Anew study at Harvard University offered insight on how diet may help improve the chances of survival for the nearly three million U.S. men living with prostate cancer. The study found that men with prostate cancer who eat a high-fat "Western diet" may have a higher risk of prostate cancer related and overall mortality than men who eat a more heart-healthy diet.
Western diet vs. Prudent Diet
Researchers interviewed 926 men with non-metastatic prostate cancer about their dietary habits for a median of 5 years. Two dietary patterns emerged in the study: a "prudent diet" that included a high intake of vegetables, fruits, fish, legumes and whole grains; and a "Western diet" that included a higher intake of processed and red meats, high-fat dairy and refined grains used in processed foods.
After an average of 10 years of follow-up, men who ate the Western diet were 2.5 times more likely to die from prostate cancer. These men also had a 67% greater risk of allcause mortality. Men who ate the more prudent diet had a 36% lower risk of dying from all causes.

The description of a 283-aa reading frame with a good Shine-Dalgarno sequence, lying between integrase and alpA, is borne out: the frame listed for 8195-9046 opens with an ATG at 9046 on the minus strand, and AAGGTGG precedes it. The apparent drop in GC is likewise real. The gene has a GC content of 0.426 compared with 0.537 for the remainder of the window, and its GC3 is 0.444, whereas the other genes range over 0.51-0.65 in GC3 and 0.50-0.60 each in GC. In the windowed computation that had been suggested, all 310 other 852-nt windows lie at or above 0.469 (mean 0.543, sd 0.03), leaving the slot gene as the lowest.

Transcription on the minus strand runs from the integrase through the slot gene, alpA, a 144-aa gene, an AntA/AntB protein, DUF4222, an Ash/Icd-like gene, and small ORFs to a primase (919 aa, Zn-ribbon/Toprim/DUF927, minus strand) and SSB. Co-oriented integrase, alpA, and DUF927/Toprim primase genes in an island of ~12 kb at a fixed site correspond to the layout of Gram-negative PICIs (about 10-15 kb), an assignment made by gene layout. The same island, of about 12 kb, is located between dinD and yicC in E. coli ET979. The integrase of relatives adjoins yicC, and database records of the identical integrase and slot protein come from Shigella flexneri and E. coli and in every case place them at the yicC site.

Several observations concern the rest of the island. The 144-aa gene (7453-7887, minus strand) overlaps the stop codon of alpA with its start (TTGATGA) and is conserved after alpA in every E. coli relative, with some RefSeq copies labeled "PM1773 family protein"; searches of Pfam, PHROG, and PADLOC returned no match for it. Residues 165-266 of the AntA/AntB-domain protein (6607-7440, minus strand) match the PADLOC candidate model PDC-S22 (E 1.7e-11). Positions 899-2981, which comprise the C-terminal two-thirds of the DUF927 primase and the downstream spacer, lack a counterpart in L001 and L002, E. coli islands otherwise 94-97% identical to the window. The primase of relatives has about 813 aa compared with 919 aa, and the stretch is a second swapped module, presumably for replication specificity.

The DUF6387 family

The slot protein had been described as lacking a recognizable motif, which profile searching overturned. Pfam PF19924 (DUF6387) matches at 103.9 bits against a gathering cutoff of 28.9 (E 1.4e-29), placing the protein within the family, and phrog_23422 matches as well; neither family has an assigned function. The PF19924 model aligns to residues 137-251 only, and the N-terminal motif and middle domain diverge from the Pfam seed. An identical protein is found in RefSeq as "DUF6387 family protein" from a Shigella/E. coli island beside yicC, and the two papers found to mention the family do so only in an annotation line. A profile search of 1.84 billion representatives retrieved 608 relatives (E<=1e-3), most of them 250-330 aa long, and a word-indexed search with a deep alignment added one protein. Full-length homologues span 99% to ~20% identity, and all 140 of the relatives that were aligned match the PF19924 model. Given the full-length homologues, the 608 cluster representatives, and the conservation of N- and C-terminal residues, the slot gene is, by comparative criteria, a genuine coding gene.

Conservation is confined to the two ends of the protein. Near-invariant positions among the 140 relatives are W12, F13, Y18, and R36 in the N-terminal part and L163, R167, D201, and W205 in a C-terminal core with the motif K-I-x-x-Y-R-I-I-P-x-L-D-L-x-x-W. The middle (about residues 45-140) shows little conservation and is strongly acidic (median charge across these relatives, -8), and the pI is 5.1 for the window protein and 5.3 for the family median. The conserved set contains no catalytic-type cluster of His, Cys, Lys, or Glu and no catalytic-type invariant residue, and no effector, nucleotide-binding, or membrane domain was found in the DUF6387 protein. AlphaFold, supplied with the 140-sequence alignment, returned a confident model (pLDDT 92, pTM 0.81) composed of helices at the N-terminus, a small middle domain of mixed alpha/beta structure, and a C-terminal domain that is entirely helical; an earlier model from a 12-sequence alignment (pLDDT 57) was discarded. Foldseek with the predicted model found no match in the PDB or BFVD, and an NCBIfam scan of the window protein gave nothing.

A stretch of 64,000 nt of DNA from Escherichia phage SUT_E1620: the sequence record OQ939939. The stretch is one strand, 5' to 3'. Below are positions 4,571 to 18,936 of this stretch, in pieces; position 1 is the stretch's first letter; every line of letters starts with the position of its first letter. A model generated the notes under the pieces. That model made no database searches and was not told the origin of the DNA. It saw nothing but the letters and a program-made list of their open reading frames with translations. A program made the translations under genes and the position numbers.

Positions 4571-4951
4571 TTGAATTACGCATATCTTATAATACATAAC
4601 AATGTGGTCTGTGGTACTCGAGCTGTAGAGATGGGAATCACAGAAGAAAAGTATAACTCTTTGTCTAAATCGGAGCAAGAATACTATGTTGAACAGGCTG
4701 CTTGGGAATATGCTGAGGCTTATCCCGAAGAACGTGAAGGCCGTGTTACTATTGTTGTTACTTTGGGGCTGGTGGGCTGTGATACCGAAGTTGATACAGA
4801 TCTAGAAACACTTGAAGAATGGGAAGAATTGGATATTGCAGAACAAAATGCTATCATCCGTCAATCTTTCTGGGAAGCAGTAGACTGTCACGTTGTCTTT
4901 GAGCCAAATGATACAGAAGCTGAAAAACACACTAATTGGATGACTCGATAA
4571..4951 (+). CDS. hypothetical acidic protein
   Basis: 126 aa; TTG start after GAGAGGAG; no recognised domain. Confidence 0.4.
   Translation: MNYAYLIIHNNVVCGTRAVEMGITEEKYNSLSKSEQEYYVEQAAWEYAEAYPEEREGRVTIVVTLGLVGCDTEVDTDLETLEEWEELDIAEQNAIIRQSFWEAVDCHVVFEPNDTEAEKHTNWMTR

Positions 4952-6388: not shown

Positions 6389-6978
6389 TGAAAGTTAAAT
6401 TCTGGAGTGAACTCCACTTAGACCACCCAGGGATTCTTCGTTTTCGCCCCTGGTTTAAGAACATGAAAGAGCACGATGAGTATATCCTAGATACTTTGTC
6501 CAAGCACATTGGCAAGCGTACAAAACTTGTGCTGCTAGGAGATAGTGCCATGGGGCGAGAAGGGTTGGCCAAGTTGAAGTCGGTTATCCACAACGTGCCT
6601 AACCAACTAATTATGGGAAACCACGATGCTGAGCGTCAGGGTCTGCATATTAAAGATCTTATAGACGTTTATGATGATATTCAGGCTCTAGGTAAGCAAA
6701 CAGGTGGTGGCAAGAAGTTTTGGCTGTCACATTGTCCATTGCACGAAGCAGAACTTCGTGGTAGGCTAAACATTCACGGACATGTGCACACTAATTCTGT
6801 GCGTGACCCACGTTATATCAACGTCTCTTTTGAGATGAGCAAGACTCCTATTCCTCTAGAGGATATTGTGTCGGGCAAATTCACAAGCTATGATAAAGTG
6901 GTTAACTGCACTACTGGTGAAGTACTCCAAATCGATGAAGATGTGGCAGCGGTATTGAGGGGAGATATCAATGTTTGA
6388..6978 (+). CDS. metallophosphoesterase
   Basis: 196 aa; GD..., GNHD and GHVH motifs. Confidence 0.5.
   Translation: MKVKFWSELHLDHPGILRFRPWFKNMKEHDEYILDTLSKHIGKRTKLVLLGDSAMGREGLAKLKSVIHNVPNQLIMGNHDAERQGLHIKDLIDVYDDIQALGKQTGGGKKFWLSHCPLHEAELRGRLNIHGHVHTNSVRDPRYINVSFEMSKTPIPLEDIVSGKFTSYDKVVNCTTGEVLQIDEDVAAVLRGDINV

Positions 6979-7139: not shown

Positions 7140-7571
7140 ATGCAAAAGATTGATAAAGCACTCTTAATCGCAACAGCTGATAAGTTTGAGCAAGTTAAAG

"There is currently very little evidence to counsel men living with prostate cancer on how they can modify their lifestyle to improve survival. Our results suggest that a heart-healthy diet may benefit these men by specifically reducing their chances of dying of prostate cancer," said Jorge Chavarro, assistant professor of nutrition and epidemiology at Harvard Chan School and senior author of the study.
The study was published online in the journal Cancer Prevention Research on June 1, 2015.